Activist Evan Davies, director, MicroBusiness Academy
Who she is: Evan Davies, training & job development specialist with AACH, oversees its MicroBusiness program. She has more than 25 years’ experience in financial services and philanthropy.
What she does: A Master Financial Volunteer Counselor with the Virginia Extension, she holds Series 7 and 66 licenses. Davies is an enthusiastic proponent of entrepreneurship as a vital tool for economic development.
Why she does it: “Having the opportunity to do this work is a dream come true,” says Davies. “All of us at AACH are grateful to the more than 200 volunteers who provide a variety of invaluable services from tutoring children to working at the front desk. It goes to show, we’re all in this together.”
Arlington-Alexandria Coalition for the Homeless
By Evan Davies
Training & Job Development Specialist
Arlington-Alexandria Coalition for the Homeless AACH.
The Arlington-Alexandria Coalition for the Homeless, Inc., does more than offer shelter to homeless people, it provides them with a foundation to rebuild their lives.
Created in 1985 by concerned citizens of Arlington and Alexandria, AACH works in coordination with public agencies, and business and community groups to give homeless people the support, shelter, counseling, and employment training they need to regain self-sufficiency.
The Northern Virginia counties of Arlington and Alexandria can be such expensive places to live, and each year it becomes more and more challenging for many to earn a living wage.
To help meet the challenges of living in this area, we’ve created the MicroBusiness Academy (MBA). The Academy is the evolution of a microbusiness training program developed a few years ago by the Arlington-Alexandria Coalition for the Homeless, AACH.
Since the program first began, it has had the ongoing support of the Virginia Cooperative Extension, which was instrumental in its inception. The Academy has also received new support from Capital One.
The new MBA session will commence in January 2013.
Classes are held at AACH’s offices in Clarendon on Saturday mornings, from 10 a.m. to noon. We are pleased to be able to provide childcare onsite, which can be a significant issue for some. During the course of the eight-week program, participants will learn the fundamentals of a business plan, and the practical aspects of starting a business in Arlington or Alexandria.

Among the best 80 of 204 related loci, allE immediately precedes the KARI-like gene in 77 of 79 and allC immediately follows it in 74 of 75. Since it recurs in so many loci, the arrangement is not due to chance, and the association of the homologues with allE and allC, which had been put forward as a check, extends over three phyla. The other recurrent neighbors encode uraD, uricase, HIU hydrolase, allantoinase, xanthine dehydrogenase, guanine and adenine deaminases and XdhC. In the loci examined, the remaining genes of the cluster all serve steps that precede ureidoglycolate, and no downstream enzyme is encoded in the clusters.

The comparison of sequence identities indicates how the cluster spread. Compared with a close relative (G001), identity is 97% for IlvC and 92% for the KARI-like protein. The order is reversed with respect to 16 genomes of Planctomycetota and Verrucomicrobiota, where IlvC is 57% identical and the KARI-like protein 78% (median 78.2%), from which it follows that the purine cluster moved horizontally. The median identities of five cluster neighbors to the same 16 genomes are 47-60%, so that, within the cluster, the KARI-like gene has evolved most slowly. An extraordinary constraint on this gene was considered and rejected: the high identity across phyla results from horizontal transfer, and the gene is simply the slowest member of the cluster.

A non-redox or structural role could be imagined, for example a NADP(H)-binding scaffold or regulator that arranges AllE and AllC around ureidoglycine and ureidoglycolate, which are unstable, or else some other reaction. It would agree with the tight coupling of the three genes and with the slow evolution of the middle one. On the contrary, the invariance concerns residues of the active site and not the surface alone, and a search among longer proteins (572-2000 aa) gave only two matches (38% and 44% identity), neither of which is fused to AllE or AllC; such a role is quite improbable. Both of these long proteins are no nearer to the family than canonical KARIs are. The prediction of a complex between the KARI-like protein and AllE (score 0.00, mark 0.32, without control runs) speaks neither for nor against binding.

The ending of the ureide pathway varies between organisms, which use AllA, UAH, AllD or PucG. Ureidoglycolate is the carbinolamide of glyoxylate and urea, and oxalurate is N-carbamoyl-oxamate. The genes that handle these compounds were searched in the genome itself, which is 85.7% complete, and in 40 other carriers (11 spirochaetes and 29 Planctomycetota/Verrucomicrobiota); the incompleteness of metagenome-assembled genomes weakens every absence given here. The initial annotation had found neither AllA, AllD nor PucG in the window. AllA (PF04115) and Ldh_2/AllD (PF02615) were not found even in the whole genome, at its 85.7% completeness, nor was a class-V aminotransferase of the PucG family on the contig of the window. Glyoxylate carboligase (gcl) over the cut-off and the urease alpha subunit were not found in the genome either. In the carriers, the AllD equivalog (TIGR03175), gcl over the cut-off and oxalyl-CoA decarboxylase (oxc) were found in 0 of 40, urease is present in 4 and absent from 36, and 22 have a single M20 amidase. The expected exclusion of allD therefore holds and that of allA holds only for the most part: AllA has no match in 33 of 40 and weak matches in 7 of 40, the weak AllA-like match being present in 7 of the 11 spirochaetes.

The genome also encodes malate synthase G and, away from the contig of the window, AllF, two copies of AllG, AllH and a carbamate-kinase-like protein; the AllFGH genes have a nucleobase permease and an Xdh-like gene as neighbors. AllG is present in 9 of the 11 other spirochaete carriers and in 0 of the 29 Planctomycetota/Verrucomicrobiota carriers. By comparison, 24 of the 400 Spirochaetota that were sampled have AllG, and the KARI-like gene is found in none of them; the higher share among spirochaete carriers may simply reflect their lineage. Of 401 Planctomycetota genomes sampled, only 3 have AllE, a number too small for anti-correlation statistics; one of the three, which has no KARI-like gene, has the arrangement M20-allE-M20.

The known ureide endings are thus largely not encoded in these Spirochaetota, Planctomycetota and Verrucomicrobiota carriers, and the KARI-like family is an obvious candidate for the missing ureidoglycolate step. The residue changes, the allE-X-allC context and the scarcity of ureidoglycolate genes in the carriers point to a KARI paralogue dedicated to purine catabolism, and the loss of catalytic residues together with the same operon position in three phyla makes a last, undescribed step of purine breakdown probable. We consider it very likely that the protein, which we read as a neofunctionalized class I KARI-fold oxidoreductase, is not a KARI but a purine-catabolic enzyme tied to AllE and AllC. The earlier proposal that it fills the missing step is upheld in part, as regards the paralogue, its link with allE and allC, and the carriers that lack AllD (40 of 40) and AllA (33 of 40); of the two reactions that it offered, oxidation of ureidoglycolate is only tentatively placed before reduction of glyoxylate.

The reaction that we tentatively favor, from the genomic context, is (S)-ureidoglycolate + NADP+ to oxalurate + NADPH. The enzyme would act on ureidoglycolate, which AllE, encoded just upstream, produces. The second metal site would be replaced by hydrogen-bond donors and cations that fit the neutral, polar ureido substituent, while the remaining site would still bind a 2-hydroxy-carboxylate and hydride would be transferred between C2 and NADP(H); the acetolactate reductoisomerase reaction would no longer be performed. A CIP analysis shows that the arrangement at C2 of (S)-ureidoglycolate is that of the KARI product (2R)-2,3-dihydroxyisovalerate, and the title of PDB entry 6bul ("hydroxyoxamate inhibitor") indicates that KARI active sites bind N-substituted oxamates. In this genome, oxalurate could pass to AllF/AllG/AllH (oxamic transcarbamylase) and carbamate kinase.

They will learn about sales, marketing, recordkeeping, and financial statements. Based on the needs of the individual group, additional targeted workshops will be scheduled. Those who follow through with the program will receive a Certificate of Completion.
Classes are interactive and consist of a combination of lecture, discussion, and group exercises. Talented professionals—many of them small-business owners themselves—participate as guest speakers. We are also fortunate to have had the assistance of dedicated volunteers from the community since the inception of the program.
Volunteers are typically young, high-energy professionals from the business and financial sectors who have a strong interest in giving back.
Many of our volunteers have established close working relationships with the participants, serving as mentors and role models.
Following the eight-week program, we will work with participants to polish their business plans and assist them with getting their businesses established. If they need financing, we have relationships with micro-lenders in the area that can assist. AACH is exploring providing its own micro-loans later next year.
Who attends? And what do they learn?
The MicroBusiness Academy is targeted to a unique group. The program provides people who are at economic risk with the training, tools, and backing needed to conceive, launch, and build a successful micro-business. Many have experienced homelessness, or other trauma such as domestic violence. They often lack an established network of family or friends in the area.